These will be like mirrors that can show you who you really are. Learn more about how the human mind works, what your cognitive biases are, and why you behave the way you do. Books and a good therapist will be immensely helpful.

You can’t love someone that you don’t know. This applies to yourself too. Once you know yourself, you’ll sense of self-worth will increase. This is going to change your perspective on life and other people. It’ll help you lead a more purposeful life. Lose the baggage while it’s still light enough.

8. Do not forget about your mental health.

Make your mental health a priority. And know that anything that threatens your mental well-being needs to go. If you go to bed and go through frustrating mental dialogues with your boss/partner/friend, which makes you lose sleep, there’s something wrong with that relationship.

A job that burns you out, a friend that sucks the living energy out of you, an affair that makes you feel worthless are the biggest peace thieves in your 20s. And you really don’t want to let that happen. Grudges like these stay and slowly eat you out. Unless you stand up for yourself, you’ll be angry with yourself for a long time.

9. Be preventative.

We always talk about the importance of being preventative. A full-blown 25-step skincare routine can’t hold a candle to regular, consistent sun protection. You’ll get wrinkles eventually. There’s no denying that. But there’s no need to get them earlier than you need to either.

I’m in my mid-30s and I still haven’t been able to develop a healthy relationship with my face. Wrinkles and fine lines can be dealt with to a certain point. But you know what’s even more annoying? The loss of elasticity. Wear your sunscreen, protect your body from the sun. It’s the least you can do for your skin.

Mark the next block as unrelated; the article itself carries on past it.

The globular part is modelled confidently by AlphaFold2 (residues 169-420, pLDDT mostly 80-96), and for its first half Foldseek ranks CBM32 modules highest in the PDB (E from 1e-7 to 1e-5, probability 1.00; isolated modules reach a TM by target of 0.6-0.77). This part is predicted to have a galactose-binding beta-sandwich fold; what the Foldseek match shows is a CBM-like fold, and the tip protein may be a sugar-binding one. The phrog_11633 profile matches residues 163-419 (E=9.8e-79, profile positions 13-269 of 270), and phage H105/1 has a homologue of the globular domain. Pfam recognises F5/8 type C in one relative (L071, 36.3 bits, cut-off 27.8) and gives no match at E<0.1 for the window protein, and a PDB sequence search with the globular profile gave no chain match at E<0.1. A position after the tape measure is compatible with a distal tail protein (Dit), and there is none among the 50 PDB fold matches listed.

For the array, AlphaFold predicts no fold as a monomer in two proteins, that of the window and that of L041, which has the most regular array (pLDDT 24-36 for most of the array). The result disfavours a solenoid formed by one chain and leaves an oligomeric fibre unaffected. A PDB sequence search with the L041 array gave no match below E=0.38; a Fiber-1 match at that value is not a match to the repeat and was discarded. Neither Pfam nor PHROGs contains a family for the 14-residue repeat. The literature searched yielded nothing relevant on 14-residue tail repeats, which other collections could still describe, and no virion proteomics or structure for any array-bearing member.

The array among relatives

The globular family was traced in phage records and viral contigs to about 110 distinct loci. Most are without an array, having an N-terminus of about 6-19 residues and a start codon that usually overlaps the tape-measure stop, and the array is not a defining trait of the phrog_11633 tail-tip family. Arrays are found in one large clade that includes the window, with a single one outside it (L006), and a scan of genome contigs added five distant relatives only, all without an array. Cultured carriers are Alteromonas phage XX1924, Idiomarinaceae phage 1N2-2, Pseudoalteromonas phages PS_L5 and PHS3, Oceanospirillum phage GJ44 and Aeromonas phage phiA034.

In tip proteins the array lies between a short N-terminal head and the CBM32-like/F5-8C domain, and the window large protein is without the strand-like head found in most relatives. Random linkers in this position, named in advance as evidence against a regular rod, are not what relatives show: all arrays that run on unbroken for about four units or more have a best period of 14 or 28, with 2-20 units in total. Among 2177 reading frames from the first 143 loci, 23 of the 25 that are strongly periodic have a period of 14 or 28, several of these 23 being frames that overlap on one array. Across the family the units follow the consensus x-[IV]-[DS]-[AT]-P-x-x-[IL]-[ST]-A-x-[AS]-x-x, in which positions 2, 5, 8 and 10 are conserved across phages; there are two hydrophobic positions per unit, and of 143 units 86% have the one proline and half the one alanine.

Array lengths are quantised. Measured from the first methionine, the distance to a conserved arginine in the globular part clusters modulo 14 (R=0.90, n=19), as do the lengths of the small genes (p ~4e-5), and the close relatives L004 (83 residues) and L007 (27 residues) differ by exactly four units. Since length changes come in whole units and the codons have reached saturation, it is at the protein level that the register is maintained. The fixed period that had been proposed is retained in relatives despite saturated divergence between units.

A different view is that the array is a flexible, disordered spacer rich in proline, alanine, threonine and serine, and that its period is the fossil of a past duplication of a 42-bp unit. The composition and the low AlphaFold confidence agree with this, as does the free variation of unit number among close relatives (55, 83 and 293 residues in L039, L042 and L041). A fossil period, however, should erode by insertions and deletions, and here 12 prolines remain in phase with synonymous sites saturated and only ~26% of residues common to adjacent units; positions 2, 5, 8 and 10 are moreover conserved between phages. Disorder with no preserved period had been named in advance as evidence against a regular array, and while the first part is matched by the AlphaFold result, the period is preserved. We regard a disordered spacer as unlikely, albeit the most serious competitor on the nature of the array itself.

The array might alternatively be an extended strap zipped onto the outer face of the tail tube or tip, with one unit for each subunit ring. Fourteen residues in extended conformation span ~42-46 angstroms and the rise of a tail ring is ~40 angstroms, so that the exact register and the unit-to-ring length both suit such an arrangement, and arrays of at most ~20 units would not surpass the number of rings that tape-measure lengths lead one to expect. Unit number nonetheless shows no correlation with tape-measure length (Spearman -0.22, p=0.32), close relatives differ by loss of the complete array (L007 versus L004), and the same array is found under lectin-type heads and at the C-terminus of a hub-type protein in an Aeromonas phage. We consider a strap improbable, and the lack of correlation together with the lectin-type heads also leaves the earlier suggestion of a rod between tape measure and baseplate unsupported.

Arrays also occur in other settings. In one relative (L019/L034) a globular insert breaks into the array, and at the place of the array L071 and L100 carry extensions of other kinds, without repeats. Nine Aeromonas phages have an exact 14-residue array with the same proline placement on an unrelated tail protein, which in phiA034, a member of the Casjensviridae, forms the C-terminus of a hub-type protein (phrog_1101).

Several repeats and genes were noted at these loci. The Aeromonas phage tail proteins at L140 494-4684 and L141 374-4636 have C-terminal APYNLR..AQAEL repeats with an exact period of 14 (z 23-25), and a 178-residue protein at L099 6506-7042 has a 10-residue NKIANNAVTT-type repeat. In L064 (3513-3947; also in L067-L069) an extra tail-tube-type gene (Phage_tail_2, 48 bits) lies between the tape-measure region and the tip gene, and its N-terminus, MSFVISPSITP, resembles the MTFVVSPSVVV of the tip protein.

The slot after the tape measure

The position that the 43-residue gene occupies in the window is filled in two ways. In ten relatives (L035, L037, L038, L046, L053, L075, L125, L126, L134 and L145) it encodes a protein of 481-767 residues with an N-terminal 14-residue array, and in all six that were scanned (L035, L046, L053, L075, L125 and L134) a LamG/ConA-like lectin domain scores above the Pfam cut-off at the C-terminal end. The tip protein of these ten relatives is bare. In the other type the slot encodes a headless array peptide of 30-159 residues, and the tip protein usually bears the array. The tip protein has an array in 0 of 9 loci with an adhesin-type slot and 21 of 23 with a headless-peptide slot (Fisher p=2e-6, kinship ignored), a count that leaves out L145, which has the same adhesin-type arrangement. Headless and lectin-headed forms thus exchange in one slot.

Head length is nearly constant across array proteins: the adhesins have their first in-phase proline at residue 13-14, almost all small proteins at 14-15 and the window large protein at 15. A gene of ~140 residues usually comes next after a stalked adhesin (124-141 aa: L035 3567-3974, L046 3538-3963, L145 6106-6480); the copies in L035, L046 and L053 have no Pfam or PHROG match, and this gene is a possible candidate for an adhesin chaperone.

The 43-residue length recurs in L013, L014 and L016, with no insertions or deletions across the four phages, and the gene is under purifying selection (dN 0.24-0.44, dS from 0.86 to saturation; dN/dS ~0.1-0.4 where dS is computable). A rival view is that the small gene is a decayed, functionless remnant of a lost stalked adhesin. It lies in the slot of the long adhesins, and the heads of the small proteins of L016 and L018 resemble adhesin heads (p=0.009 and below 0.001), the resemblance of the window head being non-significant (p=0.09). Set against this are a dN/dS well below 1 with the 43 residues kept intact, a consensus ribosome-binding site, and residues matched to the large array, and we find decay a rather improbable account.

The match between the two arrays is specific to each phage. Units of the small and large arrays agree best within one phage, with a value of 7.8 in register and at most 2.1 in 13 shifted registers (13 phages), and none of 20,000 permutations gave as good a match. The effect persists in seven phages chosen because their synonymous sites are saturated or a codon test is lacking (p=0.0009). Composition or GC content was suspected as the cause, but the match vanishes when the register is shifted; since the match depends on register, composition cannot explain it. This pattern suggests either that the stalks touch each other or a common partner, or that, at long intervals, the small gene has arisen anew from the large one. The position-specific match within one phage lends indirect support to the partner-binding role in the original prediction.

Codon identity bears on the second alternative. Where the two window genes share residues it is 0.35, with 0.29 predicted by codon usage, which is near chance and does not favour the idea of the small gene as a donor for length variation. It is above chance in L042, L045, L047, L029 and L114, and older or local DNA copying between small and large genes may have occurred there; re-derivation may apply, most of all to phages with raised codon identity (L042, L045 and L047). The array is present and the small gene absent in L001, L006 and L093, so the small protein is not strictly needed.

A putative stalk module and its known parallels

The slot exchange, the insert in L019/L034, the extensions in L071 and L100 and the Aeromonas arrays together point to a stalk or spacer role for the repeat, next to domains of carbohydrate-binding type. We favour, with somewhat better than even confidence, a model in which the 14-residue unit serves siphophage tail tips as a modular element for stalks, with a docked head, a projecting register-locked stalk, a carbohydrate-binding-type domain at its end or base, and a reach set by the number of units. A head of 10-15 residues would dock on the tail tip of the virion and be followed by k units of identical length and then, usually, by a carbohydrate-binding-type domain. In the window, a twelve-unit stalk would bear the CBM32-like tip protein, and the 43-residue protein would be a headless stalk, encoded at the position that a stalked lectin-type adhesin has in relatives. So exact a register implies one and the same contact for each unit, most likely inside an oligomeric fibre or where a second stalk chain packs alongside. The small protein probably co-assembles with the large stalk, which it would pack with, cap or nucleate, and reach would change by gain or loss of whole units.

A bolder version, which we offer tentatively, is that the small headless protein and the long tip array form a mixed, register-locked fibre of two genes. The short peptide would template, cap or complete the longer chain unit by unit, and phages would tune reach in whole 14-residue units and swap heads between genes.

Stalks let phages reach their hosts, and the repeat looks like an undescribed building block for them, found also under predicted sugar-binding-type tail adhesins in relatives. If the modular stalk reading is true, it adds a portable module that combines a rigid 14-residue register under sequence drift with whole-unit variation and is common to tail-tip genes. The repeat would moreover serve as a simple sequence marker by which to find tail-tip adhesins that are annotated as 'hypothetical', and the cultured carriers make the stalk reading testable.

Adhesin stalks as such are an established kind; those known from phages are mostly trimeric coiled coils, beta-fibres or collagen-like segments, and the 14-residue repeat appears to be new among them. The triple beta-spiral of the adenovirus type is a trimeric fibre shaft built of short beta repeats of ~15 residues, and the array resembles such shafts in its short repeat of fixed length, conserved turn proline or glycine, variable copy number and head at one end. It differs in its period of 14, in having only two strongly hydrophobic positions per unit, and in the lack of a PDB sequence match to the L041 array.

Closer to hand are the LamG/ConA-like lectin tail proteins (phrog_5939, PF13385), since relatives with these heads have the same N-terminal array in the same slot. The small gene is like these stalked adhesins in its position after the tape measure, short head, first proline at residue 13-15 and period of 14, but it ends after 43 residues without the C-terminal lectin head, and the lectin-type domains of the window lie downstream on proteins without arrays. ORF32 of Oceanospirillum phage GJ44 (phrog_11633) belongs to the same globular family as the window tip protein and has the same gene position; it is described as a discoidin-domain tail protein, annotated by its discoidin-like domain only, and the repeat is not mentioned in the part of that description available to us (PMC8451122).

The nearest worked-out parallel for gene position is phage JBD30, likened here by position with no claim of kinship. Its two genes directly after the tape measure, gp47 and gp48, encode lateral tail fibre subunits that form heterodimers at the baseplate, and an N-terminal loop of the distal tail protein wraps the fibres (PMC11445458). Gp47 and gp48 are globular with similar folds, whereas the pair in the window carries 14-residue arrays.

So these are some of the most important healthy habits to develop in your 20s. Last but not least, know that we’re all works in progress. Self-discovery, conflict, the pursuit of happiness and joy, or challenges never end. But the earlier you start to work on yourself, both your physical and psychological being, the earlier you take charge of your life and make conscious choices.

Read Next: The Most Important Things You Can Do For Your Skin in Your 20s

References:

  1. Gardner, B., Lally, P., & Wardle, J. (2012). Making health habitual: the psychology of ‘habit-formation’ and general practice. The British journal of general practice : the journal of the Royal College of General Practitioners62(605), 664–666. https://doi.org/10.3399/bjgp12X659466
  2. Upham, B. (2021, March 17). Why Not Getting Enough Sleep Is Bad for Your Health: Everyday Health. EverydayHealth.com. https://www.everydayhealth.com/sleep/ways-not-getting-enough-sleep-is-bad-for-your-health/